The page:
I was fired from my job for a workplace health and safety violation. I had brought my travel bag with me to work, planning to head to the cottage directly from the office. Among my belongings was a small bag of marijuana. Unbeknownst to me, a co-worker must have smelled this because within minutes I was called in to speak to human resources.
The HR rep asked me if I had any marijuana with me that day. I admitted that I did. Since cannabis is now legal, I assumed this wouldn’t be an issue. The HR rep, however, informed me that I was in violation of the workplace health and safety policy and I was being fired for just cause.
Can they do this? I have never once been high at work. I have never been disciplined for anything in my seven years of employment with this company.
The First Answer
Andrew Goldberg, associate, Samfiru Tumarkin LLP, Toronto
Although recreational cannabis is now legal across Canada, it does not necessarily give you carte blanche to bring marijuana with you to the office – even if you are not consuming the cannabis during working hours.
It is well within an employer’s right to create and enforce a policy that prohibits employees from possessing recreational cannabis in the workplace. Based on the wording of the policy, you may indeed be disciplined for bringing prerolled joints to work even though you intended on smoking them at the cottage.
Although you may have contravened the company’s policy on possessing cannabis in the workplace, your immediate dismissal for just cause is certainly a disproportionate response given you have no disciplinary record and were not intoxicated. Furthermore, for this type of policy to be legally enforceable, an employer must bring it to the attention of all affected employees. If the cannabis policy was not brought to your attention or you did not sign a form acknowledging that you had read and understood the terms, it is unlikely your previous employer can rely on the policy to assert that your possession of marijuana is justifiable grounds for termination with just cause.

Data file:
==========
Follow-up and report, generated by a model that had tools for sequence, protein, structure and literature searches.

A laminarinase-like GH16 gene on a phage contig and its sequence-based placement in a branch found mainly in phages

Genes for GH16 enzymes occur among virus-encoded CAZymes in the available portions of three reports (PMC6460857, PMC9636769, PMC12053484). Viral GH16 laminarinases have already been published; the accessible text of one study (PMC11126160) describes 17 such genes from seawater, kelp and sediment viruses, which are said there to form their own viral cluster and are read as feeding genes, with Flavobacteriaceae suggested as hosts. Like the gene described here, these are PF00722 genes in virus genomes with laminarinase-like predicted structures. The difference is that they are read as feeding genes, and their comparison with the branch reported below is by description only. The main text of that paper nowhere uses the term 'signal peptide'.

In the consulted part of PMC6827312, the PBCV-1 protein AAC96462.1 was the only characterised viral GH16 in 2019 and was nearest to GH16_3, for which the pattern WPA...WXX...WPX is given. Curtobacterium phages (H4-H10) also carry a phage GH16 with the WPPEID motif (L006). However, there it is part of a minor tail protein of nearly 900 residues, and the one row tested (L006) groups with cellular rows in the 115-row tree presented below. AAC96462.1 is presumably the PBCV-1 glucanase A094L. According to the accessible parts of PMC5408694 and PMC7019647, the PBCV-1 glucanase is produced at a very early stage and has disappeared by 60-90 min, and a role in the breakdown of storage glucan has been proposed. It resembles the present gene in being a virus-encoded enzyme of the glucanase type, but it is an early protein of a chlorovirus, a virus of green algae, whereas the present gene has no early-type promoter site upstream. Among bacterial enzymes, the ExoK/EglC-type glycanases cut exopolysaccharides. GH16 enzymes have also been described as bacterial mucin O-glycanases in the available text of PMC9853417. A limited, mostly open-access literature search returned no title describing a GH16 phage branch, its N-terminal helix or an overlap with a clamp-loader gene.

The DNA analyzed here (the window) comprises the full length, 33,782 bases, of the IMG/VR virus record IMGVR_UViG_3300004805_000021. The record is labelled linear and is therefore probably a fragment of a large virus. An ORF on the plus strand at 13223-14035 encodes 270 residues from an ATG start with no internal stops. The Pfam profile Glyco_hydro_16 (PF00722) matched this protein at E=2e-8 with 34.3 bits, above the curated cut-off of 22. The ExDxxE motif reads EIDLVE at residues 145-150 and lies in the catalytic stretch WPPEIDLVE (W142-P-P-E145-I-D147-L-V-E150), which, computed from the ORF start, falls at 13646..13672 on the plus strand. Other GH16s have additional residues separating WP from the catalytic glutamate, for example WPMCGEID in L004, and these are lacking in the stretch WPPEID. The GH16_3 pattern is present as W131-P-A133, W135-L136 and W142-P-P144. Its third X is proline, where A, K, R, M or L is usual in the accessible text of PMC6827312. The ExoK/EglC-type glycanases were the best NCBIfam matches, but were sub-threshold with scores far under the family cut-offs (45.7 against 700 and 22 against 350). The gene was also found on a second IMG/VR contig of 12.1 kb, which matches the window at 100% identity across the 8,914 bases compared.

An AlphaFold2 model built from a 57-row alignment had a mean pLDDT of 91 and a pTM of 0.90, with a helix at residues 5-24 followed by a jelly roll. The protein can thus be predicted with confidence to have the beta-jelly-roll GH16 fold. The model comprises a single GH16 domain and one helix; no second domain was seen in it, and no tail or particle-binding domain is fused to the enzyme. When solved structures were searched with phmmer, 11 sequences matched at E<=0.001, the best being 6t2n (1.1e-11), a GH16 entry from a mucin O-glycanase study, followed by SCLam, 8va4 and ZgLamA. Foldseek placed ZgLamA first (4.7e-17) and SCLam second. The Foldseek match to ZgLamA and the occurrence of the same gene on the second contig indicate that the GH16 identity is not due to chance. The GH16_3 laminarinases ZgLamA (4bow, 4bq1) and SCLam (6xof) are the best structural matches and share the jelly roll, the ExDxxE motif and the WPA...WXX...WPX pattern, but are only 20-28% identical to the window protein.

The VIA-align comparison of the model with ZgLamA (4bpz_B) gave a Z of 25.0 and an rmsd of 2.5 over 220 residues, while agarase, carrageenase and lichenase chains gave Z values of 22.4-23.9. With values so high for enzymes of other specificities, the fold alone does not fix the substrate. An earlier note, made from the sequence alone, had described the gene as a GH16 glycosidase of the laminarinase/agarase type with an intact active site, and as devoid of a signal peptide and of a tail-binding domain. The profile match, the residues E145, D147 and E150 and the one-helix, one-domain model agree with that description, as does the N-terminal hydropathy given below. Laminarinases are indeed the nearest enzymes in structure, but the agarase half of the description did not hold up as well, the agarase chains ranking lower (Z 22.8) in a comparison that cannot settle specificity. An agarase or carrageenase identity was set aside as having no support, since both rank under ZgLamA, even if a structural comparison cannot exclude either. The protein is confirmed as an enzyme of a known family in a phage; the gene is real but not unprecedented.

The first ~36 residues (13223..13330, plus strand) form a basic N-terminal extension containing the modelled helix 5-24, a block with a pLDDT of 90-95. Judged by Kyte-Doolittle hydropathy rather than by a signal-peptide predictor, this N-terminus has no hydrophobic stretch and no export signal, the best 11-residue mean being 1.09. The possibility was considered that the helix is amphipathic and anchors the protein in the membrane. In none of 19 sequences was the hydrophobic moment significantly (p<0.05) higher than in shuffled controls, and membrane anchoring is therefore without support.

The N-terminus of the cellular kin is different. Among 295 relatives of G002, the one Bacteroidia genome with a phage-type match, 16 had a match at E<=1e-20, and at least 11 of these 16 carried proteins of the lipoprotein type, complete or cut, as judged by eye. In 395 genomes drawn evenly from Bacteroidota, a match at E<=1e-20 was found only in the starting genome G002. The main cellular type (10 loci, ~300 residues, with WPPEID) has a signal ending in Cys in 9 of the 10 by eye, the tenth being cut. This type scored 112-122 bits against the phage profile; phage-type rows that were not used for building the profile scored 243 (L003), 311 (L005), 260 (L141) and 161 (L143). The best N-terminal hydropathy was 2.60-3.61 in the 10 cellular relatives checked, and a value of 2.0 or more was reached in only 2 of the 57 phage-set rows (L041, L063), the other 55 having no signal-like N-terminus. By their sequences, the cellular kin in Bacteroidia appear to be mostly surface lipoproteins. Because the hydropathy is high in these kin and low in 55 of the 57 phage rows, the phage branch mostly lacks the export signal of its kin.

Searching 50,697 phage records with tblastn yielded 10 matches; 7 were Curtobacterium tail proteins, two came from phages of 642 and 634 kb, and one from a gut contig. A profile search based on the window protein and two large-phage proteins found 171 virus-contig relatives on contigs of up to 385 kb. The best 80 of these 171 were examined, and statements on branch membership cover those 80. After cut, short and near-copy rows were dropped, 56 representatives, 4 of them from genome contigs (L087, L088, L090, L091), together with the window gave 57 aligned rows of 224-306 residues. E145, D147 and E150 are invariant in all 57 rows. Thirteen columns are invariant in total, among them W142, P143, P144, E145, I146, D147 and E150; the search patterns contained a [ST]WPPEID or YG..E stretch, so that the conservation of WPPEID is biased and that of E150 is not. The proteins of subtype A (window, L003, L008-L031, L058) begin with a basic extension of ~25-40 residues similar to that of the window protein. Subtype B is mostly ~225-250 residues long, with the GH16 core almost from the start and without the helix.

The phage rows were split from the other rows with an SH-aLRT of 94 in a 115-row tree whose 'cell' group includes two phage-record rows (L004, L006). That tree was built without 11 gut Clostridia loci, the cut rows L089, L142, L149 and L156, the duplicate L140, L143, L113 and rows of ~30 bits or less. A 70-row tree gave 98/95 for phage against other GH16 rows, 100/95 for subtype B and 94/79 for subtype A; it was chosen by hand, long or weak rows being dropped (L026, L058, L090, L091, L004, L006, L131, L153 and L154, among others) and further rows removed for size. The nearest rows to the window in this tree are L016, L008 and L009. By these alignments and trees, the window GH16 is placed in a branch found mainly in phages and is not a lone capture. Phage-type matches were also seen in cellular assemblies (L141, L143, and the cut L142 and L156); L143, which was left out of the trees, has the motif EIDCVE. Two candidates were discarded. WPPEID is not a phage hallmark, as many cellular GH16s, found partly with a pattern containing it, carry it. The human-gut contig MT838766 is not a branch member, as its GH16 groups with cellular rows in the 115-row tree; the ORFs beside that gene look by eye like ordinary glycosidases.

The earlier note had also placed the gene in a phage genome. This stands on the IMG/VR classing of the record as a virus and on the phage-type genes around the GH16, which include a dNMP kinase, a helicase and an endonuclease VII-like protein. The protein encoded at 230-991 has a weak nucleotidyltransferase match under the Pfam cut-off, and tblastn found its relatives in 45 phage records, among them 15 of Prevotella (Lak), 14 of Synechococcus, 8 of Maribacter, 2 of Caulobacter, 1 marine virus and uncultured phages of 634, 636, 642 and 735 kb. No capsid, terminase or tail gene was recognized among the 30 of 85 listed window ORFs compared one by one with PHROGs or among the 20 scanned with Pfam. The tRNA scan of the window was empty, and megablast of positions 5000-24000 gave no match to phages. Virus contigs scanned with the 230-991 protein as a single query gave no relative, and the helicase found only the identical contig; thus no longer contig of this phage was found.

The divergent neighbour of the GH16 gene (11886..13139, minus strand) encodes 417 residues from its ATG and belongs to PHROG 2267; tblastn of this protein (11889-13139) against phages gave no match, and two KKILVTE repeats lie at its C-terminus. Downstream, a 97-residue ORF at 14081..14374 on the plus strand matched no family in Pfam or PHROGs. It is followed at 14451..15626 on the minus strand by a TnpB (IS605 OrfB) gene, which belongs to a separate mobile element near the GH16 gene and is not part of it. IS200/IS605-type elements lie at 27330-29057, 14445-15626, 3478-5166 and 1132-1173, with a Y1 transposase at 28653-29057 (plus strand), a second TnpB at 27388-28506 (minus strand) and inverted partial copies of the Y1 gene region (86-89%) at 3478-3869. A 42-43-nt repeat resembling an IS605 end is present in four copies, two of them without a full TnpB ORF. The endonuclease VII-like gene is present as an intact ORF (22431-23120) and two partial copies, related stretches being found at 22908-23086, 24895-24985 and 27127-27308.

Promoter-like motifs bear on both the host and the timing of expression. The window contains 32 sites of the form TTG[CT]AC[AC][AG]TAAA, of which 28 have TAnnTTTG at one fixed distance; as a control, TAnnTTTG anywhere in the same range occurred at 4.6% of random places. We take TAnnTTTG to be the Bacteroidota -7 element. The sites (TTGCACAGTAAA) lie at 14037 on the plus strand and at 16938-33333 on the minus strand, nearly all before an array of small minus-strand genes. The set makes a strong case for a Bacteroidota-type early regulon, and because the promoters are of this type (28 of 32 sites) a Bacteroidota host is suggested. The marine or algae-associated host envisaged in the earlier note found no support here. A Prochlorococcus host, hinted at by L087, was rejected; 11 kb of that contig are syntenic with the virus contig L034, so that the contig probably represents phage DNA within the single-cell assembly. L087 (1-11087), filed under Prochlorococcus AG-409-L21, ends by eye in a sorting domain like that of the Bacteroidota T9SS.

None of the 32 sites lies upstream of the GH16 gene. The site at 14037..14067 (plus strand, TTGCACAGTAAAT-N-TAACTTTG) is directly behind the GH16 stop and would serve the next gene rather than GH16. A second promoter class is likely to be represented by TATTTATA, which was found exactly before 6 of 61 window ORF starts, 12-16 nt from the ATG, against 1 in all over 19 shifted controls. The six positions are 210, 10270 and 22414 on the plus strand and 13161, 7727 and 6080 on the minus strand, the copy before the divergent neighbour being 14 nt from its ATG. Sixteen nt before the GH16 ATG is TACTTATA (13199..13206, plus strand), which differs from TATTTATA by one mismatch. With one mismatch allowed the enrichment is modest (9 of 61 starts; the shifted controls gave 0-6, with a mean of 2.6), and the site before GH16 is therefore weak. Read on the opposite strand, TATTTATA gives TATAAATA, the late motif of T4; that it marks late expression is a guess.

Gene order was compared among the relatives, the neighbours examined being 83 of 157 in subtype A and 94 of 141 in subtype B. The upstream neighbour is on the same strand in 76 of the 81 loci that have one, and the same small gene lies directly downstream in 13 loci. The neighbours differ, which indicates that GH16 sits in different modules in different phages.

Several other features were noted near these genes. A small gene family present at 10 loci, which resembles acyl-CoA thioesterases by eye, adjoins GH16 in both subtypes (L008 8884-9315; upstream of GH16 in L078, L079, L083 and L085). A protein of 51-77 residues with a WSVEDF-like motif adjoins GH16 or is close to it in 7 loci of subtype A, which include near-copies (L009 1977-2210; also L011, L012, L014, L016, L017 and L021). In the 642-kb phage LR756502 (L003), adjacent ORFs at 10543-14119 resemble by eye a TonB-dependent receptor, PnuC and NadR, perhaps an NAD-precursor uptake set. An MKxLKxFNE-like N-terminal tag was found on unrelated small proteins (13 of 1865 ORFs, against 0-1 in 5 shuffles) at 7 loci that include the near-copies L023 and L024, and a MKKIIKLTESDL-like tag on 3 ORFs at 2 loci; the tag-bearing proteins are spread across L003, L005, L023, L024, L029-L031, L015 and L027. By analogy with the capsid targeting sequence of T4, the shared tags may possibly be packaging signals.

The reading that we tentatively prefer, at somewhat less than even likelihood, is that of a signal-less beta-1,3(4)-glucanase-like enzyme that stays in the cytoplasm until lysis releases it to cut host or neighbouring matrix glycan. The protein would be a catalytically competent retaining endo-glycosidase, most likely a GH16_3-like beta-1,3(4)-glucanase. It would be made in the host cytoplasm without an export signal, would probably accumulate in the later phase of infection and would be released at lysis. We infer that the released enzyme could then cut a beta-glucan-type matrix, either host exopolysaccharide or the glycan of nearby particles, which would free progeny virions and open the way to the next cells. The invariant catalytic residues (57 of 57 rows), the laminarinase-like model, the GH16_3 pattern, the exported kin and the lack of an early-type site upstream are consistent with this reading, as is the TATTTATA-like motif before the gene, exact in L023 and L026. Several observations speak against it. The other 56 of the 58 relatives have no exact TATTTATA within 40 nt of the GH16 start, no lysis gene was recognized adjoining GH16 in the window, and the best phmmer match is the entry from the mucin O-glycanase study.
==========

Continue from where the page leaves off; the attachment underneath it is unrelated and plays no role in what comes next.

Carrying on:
In light of the above, you are surely entitled to a fair severance package and it appears your employer has left you high and dry.
The Second Answer
Steven M. Boorne, lawyer, HHBG Employment Lawyers, Vancouver
This is becoming an increasingly common story with the legalization of recreational marijuana. The rules around how marijuana should be treated in the workplace are in flux. Many businesses are unsure of how to handle these changes, mistakenly treating recreational cannabis the same way as alcohol, or ignoring the situation altogether in the hopes for more clarity from the government. Regardless of a company’s action or lack thereof, employers still have certain legal obligations.
In order for a policy violation like cannabis possession to justify a dismissal for cause, an employer must have a policy that sets out the rules on the issue, as well as the consequences for violations. The policy must be communicated to all employees.
What is dictated in the policy must also be reasonable. A “zero-tolerance” approach toward the use or possession of cannabis does not necessarily mean dismissal will be appropriate in all cases. A reviewing court will still assess whether dismissal was a reasonable and appropriate response. The policy must also comply with human-rights requirements to accommodate medical marijuana users and those with substance dependencies.
In this case, the employee appears unaware about the consequences of bringing marijuana to work and the employer seems to have applied a zero-tolerance approach without consideration of the employee’s individual circumstances – a medium-service employee, with no previous discipline, who made an honest mistake. I would recommend the employee obtain legal advice to challenge the dismissal.
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